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Four 1893 Newspapers STOCK MARKET CRASH WALL STREET PANIC FIRST GREAT DEPRESSION

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Author: Oakland Tribune

Publisher: Oakland Tribune

Year Printed: 1893

Edition: First

Printing: First

Condition: good

Pages: 40

Height: 23 inches

Width: 15 inches

Notes: FOUR ORIGINAL EDITIONS of the OAKLAND TRIBUNE (Oakland, California), for the dates JULY 12, 17, 18 and 20, 1893.

All of these issues are from the Height of the PANIC OF 1893. The first GREAT WALL STREET CRASH and PANIC in American History, that led to a four year Economic Depression.

Each of these 4 issues are Complete issues.

Each issue has a FRONT PAGE ARTICLE about the STOCK MARKET CRASH. There are also a number of related articles throughout these issues.

A true “I WAS THERE” look at America’s biggest stock market crash and the Country’s first Great Depression.

Front page articles include:

“STOCKS SCARY - WILD RUMORS FLOATING AROUND WALL STREET - THE VANDERBILTS ARE IN TROUBLE - RAILROAD SECURITIES TUMBLING AND A GENERAL ALARM...”

“PRICES FALL - Stocks Badly Influenced by the Money Troubles...”

“MARGIN HOLDERS WIPED OUT - ANOTHER SCARE IN THE STOCK MARKET - WILD RUMORS FRIGHTEN OPERATORS ON WALL STREET - Disastrous Condition of Affairs on the London Exchange...”

“BOLD BEARS - DESPERATE EFFORTS TO BREAK THE STOCK MARKET...”

No, this is not 2008, or the coming crash of 2013, THIS IS 1893. Does Stock Market history repeat itself? Read these articles, written and printed as events were happening, and a sense of familiarity becomes overwhelming.

Four Broadsheet Newspapers with horizontal and vertical folds, as originally folded for distribution. Unfolded, each page is 17” x 23”. Each issue has 8 pages.

Condition: The pages are SPLIT at the spine edges (i.e. all the sheets are loose but in proper order), the edges have wear, closed tears and chipping, there are larger tears along some of the folds, the pages have toned; otherwise the issues are complete, the pages are fairly solid (though fragile with edges that chip easily), and the text is bright and fully legible.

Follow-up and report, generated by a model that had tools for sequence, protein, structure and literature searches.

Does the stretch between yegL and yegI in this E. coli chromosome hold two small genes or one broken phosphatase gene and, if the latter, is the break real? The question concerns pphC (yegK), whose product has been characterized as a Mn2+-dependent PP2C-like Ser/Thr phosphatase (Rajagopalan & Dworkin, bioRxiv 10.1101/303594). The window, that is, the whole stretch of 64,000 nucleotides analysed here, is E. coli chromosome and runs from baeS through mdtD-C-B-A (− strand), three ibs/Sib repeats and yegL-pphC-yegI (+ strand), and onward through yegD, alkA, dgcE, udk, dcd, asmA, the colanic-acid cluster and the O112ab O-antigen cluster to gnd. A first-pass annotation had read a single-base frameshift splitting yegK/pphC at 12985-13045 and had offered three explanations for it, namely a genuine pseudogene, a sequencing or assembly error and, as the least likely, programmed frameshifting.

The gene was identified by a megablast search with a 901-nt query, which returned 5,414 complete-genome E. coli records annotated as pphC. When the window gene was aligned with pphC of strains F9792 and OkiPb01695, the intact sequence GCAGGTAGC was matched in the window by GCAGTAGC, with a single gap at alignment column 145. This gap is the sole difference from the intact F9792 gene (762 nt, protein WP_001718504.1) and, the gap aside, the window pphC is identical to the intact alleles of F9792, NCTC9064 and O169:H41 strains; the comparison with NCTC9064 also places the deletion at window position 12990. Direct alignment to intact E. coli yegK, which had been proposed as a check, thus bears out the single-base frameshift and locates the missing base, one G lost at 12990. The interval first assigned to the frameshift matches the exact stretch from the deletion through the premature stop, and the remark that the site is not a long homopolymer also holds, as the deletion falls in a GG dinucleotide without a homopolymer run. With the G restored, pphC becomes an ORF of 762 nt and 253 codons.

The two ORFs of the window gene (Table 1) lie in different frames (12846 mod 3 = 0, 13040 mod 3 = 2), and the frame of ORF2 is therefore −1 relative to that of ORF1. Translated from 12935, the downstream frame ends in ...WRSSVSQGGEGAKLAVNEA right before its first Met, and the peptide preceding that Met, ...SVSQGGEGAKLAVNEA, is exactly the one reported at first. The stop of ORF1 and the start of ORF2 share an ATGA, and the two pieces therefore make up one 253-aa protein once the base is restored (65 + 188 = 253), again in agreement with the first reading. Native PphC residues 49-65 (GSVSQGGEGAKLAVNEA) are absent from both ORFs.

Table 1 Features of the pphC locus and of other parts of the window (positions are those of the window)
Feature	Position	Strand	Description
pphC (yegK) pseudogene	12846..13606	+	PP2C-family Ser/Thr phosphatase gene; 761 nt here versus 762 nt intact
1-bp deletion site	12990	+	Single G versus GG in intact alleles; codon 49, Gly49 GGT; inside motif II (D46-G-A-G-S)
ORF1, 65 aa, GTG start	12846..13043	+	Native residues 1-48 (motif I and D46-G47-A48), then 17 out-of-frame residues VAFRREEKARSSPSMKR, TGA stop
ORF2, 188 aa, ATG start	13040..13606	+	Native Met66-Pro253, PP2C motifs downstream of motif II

SCARCE and IMPORTANT ARTIFACTS from the FIRST MAJOR WALL STREET CRASH AND PANIC in the UNITED STATES.

About the PANIC OF 1893 (from Wikipedia and Other Internet Sources):

On May 5, 1893, Wall Street stock prices took a sudden and major drop. By the end of the year, 600 banks had closed. The Philadelphia and Reading, the Erie, the Northern Pacific, the Union Pacific and the Atchison, Topeka and Santa Fe railroads had gone into bankruptcy receivership; 15,000 other businesses went into bankruptcy. 

Other than the Great Depression of the 1930s, this was the worst economic crisis in US history; 15–20 percent of the workforce became unemployed.

Compounding the turmoil was a run on the gold supply. The Panic of '93 was the worst economic depression the United States had ever experienced at the time.

At the depression’s peak, roughly 17 to 19 percent of the workforce was unemployed. MANY PEOPLE ABANDONED THEIR HOMES WHEN THEY COULD NOT MEET MORTGAGE PAYMENTS.

The Panic of 1893 swept across the United States and even crashed onto the Pacific Northwest. King County and the Puget Sound region, plunging the region into a deep economic depression that lasted four years.

May 5, 1893 became "Industrial Black Friday" as railroad and industrial stocks plummeted and several major companies went bankrupt. This sparked the Panic of 1893. The panic began a four-year depression in which over 15,000 companies and 600 banks closed throughout the U.S. 

ONE OF THE MOST PREDOMINANT CAUSES OF THE PANIC OF 1893 AND THE SUBSEQUENT DEPRESSION WAS THE CONTENTIOUS DEBATE OVER U.S. MONETARY POLICY.

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